By Austin Vaught
Contributing Writer 

Speed humps may be used to calm Grandview traffic


Last updated 8/22/2018 at 8:37pm

Traffic calming devices such as speed humps may be used on Grandview Avenue between Merrimac and Wyoming streets.

Planning is underway for new speed humps and other traffic calming devices for Grandview Avenue following ongoing residential complaints about speeding motorcycles and traffic congestion throughout the neighborhood.

The plans to install the traffic calming devices were outlined at last Thursday's Mount Washington Community Development Corporation's (MWCDC) community forum during a panel discussion that included city councilwoman Theresa Kail-Smith, Zone 3 police commander Karen Dixon, and municipal traffic engineer Amanda Purcell.

$50,000 was set aside in the city budget for traffic calming initiatives on the section of Grandview Avenue between Merrimac and Wyoming streets.

Ms. Purcell defined traffic calming as an attempt to slow traffic using strategies other than reducing the speed limit. The current plan will use these funds to install speed humps, but the city is also considering curb extensions and pedestrian refuge islands.

The funding would be enough to install seven speed humps approximately 250 feet apart. Each hump will extend across the roadway and end two feet from the curb.

"This is the first year we've had funding, so this is the first opportunity we've had to actually put something in place," Ms. Purcell said. "This is August, we had some stuff planned, but we wanted to make sure we talked to everyone here first."

The discussion around traffic calming plans quickly transitioned into resident complaints about loud motorcycles speeding throughout the neighborhood and traffic congestion on streets connecting to Grandview Avenue.

A resident asked if the city could place stop signs at intersections along Grandview instead of speed humps, as blind corners and speeding drivers make it very difficult to pull onto Grandview from Merrimac Street or Maple Terrace.

However, city officials concluded stop signs aren't effective at slowing traffic and actually increase noise levels at neighborhood intersections.

Another resident, who was particularly concerned about high speed drivers on Merrimac Street, asked the panel about the possibility of installing cameras or increasing police presence in the area.

The councilwoman said she plans to advocate for one or two of the new speed humps to be placed on Merrimac Street to help with the issue.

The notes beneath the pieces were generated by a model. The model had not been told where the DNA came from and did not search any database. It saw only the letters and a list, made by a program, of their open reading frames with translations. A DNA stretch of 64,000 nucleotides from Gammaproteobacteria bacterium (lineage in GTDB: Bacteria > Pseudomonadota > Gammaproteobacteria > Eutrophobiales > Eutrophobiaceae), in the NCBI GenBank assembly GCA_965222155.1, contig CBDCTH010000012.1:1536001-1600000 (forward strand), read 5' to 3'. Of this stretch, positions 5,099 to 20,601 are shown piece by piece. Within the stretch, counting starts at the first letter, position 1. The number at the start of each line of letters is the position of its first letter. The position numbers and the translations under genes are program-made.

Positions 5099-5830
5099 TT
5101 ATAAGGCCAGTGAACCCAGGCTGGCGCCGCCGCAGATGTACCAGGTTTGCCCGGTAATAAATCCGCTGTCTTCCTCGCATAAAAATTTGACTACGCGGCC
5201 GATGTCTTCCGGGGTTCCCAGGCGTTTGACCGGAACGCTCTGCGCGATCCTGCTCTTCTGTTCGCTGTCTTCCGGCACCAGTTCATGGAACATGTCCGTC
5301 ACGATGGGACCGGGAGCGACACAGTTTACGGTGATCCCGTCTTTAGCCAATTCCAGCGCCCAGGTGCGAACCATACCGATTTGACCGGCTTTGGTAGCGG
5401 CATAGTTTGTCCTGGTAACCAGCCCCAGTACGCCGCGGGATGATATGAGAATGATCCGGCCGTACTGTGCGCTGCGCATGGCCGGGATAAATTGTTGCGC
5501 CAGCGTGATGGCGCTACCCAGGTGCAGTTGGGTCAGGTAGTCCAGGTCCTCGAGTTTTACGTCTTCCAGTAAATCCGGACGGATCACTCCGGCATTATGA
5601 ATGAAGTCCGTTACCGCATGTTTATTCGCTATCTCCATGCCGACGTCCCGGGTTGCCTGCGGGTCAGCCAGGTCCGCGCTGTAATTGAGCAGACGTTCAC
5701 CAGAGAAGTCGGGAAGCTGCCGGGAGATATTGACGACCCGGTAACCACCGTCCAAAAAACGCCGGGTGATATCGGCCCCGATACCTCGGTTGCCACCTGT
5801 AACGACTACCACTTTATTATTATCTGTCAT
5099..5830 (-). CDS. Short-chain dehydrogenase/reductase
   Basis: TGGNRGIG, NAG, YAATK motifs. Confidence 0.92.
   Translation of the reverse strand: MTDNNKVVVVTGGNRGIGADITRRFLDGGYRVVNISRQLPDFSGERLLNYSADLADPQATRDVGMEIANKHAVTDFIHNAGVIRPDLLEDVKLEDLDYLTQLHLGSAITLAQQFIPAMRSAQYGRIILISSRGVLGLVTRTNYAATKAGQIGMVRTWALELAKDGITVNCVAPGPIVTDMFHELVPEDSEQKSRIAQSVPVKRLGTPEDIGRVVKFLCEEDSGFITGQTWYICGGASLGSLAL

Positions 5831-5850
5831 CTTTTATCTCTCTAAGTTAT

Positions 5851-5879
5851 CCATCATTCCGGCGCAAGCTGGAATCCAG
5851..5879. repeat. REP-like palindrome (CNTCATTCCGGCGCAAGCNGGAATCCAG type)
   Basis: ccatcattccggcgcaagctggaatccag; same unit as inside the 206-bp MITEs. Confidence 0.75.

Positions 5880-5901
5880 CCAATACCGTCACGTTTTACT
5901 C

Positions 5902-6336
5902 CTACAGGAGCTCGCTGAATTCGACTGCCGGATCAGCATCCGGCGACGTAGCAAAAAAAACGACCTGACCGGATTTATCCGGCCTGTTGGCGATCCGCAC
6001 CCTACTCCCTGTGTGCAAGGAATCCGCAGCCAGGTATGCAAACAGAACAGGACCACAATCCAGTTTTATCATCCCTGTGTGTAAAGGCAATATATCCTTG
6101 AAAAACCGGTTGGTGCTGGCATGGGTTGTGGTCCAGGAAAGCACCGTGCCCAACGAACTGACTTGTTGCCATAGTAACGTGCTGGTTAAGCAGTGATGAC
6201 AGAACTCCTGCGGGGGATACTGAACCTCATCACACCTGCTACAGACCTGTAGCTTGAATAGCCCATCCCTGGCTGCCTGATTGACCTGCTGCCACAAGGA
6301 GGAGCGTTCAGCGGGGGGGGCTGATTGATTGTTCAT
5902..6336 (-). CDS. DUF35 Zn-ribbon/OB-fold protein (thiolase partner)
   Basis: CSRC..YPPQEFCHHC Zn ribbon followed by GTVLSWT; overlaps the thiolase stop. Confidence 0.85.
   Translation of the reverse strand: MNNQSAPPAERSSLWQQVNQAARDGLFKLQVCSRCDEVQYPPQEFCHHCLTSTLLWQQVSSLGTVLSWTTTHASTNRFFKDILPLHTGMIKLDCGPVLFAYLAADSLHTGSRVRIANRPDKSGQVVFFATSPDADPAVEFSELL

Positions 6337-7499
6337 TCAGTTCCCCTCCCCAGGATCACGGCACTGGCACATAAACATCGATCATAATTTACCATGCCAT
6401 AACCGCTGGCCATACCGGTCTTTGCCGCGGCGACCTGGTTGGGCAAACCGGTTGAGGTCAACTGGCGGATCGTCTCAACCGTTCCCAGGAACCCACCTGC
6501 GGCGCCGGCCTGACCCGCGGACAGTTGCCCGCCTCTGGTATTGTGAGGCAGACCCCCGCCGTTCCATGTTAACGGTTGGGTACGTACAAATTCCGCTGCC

Commander Dixon said three officers are typically assigned to the neighborhood; however, incidents in the South Side Flats can pull officers away from the area in the evening. She encouraged residents to continue to report motorcycles and speeders to 9-1-1 dispatchers.

"You need to keep pulling us back this way," Commander Dixon said.

The commander also said she will consider placing one or two additional officers in the neighborhood, but that it's unlikely to be a long-term solution. She also suggested that the addition of painted timing lines, which officers use to clock a driver's speed, is another strategy that could help calm traffic.

Another resident raised a concern about police ticketing cars for parking on sidewalks. The resident said because of the speed and volume of cars on neighborhood streets, residents are often left to choose between getting a ticket or a broken mirror.

Commander Dixon said it is illegal to park a car on sidewalks and officers have been issuing more tickets because of a significant increase in 3-1-1 calls about inaccessible sidewalks.

Another resident asked if the new speed humps will impact emergency vehicles, coach buses, or snow removal. Ms. Purcell confirmed these speed humps are specifically designed to allow for larger vehicles to drive over them.

Ms. Purcell also said her team will work to develop a plan with feedback gathered from the forum, and will come back for a future meeting to present the plan prior to kicking off the project.

MWCDC board president Michael Grande encouraged any members who had additional concerns, questions or feedback to email and the comments would be passed along to the councilwoman and commander.

In addition to the traffic discussion, J.D. Smith, project manager for Pittsburgh Parking Authority, gave a brief update on the status of the Shiloh Street parking garage. The garage has been closed for repairs since June 1.

Mr. Smith said the initial plan was for a remedial construction project done in a "90-day turnkey operation;" however, the project is taking longer than anticipated due to unforeseen condition of the concrete on the bottom side of the deck.

The garage was expected to reopen on September 1, but that date will now be pushed back to October 1. Mr. Smith does not expect the project to go beyond early October.

"You can't defer the work and you can't change the work," Mr. Smith said. "The work has to be done to make the parking plaza safe for the community."

Mr. Smith also added that the bottom deck will contain three new light fixtures to help brighten the garage.

The next MWCDC community forum will be Thursday, Sept. 20 at the Mount Washington Healthy Active Living Center at 122 Virginia Avenue.


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